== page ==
The LimeSDR Mini is a newer product from the MyriadRF line of SDRs. Its ability to both transmit and receive, decent bandwidth, small form factor, and a reasonable price tag make it a very attractive device for experimentation.
Likely, one of the first things a radio hobbiest will want to do with this device is hook up an antenna, fire up Gqrx, and tune around. Recently I attempted just this, but had some issues getting things setup on an Arch Linux box. It wound up being a bit of a rabbit hole, so it’s worth a note on how I got this setup up and working.
As Github user alexf91 writes in a related gitub issue, the source of the problem is that the “stable” release of
gnuradio-osmosdr is nearly 5 years old and horribly out of date. This is the version referenced in the
community/gnuradio-osmosdr package, and probably the version most folks will install by default. Thankfully, as alexf91 points out, you can compile a more recent version of
gnuradio-osmosdr and then compile
gqrx using this newer library, all via AUR.
The order of installation is important here so that the appropriate libraries are available during compilation of the subsequent packages.
If you’re using an AUR utility (pacaur, yay, etc) you can of course do this all in one command, however I find it useful to break bigger things up to make any problems more visible.
soapysdr can be found at
community/soapysdr so can be installed via pacmam.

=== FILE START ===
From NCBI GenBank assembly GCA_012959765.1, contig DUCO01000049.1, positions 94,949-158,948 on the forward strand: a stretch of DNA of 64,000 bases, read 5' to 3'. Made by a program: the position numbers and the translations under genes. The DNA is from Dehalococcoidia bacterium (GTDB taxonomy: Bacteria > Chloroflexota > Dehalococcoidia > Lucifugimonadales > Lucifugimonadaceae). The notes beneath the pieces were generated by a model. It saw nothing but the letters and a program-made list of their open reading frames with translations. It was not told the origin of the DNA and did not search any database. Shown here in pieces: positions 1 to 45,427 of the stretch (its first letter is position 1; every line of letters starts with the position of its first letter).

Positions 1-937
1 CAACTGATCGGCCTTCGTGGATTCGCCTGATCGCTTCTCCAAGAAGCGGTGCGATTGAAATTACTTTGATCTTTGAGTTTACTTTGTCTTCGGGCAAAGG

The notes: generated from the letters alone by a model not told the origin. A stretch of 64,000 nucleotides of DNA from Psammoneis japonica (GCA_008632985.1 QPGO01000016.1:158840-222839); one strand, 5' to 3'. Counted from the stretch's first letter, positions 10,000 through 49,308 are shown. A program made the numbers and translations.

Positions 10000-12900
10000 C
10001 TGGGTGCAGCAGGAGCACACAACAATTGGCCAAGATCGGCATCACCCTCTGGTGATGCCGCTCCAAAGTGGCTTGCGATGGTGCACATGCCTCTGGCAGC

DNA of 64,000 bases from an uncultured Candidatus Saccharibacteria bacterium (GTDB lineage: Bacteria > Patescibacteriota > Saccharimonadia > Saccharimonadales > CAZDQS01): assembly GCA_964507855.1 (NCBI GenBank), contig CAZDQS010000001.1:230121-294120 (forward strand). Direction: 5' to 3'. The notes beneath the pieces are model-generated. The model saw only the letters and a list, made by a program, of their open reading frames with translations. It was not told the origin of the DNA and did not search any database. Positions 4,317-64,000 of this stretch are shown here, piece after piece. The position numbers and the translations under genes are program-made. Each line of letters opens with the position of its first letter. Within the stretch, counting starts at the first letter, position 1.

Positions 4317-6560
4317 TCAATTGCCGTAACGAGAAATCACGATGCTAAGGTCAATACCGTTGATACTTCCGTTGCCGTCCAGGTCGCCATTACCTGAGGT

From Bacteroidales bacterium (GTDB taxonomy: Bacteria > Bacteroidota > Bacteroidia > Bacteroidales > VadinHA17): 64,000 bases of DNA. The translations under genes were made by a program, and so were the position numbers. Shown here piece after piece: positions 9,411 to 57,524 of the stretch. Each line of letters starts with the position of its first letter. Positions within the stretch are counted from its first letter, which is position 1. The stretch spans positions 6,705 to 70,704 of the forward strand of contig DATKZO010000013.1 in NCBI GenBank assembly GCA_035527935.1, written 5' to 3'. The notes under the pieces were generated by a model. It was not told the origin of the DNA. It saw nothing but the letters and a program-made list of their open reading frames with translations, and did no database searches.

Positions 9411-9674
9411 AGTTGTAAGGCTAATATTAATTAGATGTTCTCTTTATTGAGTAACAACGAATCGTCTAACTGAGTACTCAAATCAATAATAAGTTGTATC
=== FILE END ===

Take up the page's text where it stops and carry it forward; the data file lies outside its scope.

pacman -S soapysdr
soapylms7-git is in AUR.
pacaur -S soapylms7-git
If you already have the “stable” version of
gnuradio-osmosdr installed, you will first need to uninstall them.
gr-osmosdr-git (at the time of this writing) you will need to install the missing dependency libbladerf-git from AUR. If you previously had
gnuradio-osmosdr installed, you may be asked if you wish to replace
libbladerf-git, which you should do. Now you can install gr-osmosdr-git from AUR. If you previously had
gnuradio-osmosdr installed, you may be asked if you want to replace
airspy-git, and again you should do this.
pacaur -S libbladerf-git gr-osmosdr-git
This will kick off gnuradio-osmosdr compiling and it may take a bit while it does so.
gqrx-git can be found in AUR.
pacaur -S gqrx-git
This gets gqrx to compile, this time with all of our updated dependencies. Like the gnuradio-osmosdr compilation, it may take a while.
If you’ve run gqrx before you may need to remove or archive your old config file
mv ~/.config/gqrx/default.conf ~/.config/gqrx/default.conf.old
At this point you should be able to plug in the LimeSDR Mini and fire up Gqrx. Be sure its plugged into a USB 3.0 port for an optimal experience, and if you’re using a USB cable be sure it’s compatible with USB 3.0. (I was puzzling over why things were weird with my setup for far too long. It wound up being the cable.)
On the first run you will be confronted by the “Configure I/O devices” dialogue. In the device dropdown you will notice an entry for “LimeSDR Mini”. I have had no success in using this option, nor have others on the web as far as I can tell. What does work, however, is telling Gqrx to use Soapy with the lime driver. For that you will need to configure as follows:
- Set device to “Other…”.
- Device string should be
- Initially it may be good to set the bandwidth to 5.00 MHz just to have better visibility of what’s going on, but you should be able to go up to around 30.00 Mhz.
- Everything else should be good as is.
Note: I have occasionally noticed things being a little buggy with subsequent runs of Gqrx, in which case I delete the config file and run it again.
Now you should be in the main Gqrx screen. Before you kick off the DSP you will need to set which antenna to use on the device. Go into “input controls” and set “Antenna” to
LNAW, and you’re good to go!